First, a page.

ICJ in Brief
Is the International Court of Justice (ICJ), the first court of its type?
The ICJ is the successor of the Permanent Court of International Justice (PCIJ), the first world court. The PCIJ became operational in 1922 but gradually lost its relevance because of the Great Depression and the rise of fascism. During the Second World War, PCIJ and League of Nations became so irrelevant that they were not even used. Like the UN, the International court of justice (ICJ) – its principal judicial organ – was established by the UN charter, signed in 1945 at San Francisco, United States. Based in the Peace palace in The Hague, Netherlands, the ICJ began its work from 1946. The court has 15 judges of different nationalities. It has a dual role. It is supposed to settle legal disputes between states in accordance with international law. Secondly, it also gives advisory opinions on legal matters referred to it by duly authorized UN organs and specialized agencies.
Can individuals their case to the ICJ?
No, only UN member States are eligible to appear before the Court in conten take tious cases. The Court has no jurisdiction to deal with applications from individuals, nongovernmental organisations, corporations or any other private entity. It cannot provide them with legal counselling or help them in their dealings with the authorities of any state. The state however can take up the case of its citizens against another state. In Kulbhushan Jadhav’s case too, only the Government of India can raise the case in the ICJ.
How is it different from the International Criminal Court (ICC) and the ad hoc international criminal tribunals?
The ICJ is not a criminal court and hence it has no jurisdiction to try individuals accused of war crimes or crimes against humanity. It’s the job of national courts, the ad hoc criminal tribunals and the ICC. The need for an international tribunal to judge political leaders was first discussed during the 1919 Paris Peace Conference. After the Second World War, the world witnessed the Nuremberg and Tokyo tribunals, which were set up to investigate Japanese and Nazi war crimes. In 1948, the UN stated that the general assembly recognises the need for an international court to deal with such atrocities. There could never be any consensus because of the Cold War and hence similar tribunals were set up for Yugoslavia and Rwanda, while a special court was established to investigate war crimes in Sierra Leone. These ad hoc tribunals have limited jurisdiction specific to the countries for which they are set up. The ICC on the other hand is a permanent international body with global jurisdiction. The ICC can prosecute individuals accused of genocide, war crimes and crimes against humanity. The Rome Statute, which defines the ICC, also inserts ‘aggression’ in its jurisdiction. There is however no international agreement on the definition of ‘aggression’.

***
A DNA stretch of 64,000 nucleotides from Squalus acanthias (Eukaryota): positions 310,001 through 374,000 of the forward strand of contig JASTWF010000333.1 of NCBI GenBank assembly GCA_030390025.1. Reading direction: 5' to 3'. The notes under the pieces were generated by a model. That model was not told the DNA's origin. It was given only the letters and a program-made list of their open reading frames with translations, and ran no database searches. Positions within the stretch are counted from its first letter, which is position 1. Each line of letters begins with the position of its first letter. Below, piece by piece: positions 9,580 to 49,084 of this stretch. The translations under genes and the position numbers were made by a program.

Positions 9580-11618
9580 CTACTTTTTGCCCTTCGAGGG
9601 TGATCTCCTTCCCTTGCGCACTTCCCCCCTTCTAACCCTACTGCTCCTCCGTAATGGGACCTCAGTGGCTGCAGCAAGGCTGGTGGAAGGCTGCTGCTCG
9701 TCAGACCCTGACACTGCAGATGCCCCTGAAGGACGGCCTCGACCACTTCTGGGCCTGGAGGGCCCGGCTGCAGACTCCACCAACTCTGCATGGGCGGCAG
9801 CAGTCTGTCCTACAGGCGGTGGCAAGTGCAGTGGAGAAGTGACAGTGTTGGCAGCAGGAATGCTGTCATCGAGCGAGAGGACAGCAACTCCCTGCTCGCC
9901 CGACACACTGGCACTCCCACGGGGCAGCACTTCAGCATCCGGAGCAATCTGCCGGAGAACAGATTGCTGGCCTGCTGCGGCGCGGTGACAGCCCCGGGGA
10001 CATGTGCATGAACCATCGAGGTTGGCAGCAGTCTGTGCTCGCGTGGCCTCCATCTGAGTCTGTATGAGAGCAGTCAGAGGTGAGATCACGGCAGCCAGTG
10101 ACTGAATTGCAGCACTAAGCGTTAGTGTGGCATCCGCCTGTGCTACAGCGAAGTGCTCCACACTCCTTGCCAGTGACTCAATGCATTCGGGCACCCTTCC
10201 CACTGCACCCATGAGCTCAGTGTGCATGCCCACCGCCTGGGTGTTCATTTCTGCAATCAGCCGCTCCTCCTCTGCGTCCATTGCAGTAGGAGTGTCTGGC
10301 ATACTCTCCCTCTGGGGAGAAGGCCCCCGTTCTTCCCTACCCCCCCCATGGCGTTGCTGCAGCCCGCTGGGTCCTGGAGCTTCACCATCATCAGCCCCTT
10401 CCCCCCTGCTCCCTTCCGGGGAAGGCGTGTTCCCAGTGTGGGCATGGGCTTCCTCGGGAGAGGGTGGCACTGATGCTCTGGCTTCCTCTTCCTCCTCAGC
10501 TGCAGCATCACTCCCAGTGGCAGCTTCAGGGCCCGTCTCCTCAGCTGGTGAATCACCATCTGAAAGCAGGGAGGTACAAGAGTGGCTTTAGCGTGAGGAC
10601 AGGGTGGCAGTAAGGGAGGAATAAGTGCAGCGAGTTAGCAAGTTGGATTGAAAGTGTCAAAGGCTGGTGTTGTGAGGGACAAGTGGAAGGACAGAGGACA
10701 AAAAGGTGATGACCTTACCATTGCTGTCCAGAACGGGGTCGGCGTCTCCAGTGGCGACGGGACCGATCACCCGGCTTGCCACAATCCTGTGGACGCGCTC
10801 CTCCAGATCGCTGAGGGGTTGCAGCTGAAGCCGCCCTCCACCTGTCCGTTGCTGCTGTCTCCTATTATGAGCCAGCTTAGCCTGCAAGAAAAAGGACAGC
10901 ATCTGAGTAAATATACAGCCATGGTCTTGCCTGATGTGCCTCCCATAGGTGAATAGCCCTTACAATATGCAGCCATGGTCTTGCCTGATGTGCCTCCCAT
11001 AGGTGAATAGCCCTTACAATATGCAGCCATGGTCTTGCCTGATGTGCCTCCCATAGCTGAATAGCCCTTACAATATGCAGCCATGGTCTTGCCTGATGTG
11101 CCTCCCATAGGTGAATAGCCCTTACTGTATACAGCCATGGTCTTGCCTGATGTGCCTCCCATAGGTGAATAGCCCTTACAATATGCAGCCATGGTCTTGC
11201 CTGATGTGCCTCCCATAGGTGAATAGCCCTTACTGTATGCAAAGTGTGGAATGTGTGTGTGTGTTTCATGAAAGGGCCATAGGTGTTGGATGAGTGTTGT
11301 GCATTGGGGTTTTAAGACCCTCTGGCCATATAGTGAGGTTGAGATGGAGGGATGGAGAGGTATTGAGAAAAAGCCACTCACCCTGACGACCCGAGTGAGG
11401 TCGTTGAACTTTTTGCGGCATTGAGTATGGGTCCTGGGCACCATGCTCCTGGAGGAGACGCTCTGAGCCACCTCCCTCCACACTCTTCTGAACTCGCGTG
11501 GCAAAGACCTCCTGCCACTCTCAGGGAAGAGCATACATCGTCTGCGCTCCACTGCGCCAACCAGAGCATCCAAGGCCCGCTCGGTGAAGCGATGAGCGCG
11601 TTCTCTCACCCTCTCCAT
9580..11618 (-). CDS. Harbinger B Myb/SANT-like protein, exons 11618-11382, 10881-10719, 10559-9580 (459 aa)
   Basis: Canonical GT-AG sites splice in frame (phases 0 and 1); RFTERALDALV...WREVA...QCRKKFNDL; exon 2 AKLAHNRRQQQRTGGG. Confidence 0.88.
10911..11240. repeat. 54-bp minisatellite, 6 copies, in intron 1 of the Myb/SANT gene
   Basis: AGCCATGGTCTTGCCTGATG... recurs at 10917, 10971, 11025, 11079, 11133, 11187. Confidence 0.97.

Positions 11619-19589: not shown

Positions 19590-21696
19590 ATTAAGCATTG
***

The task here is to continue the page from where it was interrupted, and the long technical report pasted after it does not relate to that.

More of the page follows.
Are ICJ’s decisions binding?
According to article 94 of the UN charter, each member undertakes to comply with the decision of the court in any case to which it is a party. The judgments are final and without appeal. If a state fails to agree then the other party can take the case to the Security Council. It means that a dispute can remain unresolved forever if one the five permanent members veto against any further action. There have been many such incidents. In 1946, British warships struck mines in Albanian waters and were damaged. The ICJ asked the Albanian government to pay compensation, which it refused. The case was finally mutually settled by both the governments in the 1990s. The Iranian government refused to participate in proceedings following the USfiled application regarding the 1979 USIran diplomatic crisis. The Iranian government asserted that the court could not take cognizance in this case. Similarly in 1984, the Americans walked out of acase brought by the Nicaraguan government. The court is often dubbed as a toothless body and one whose decisions are often influenced by the Western world.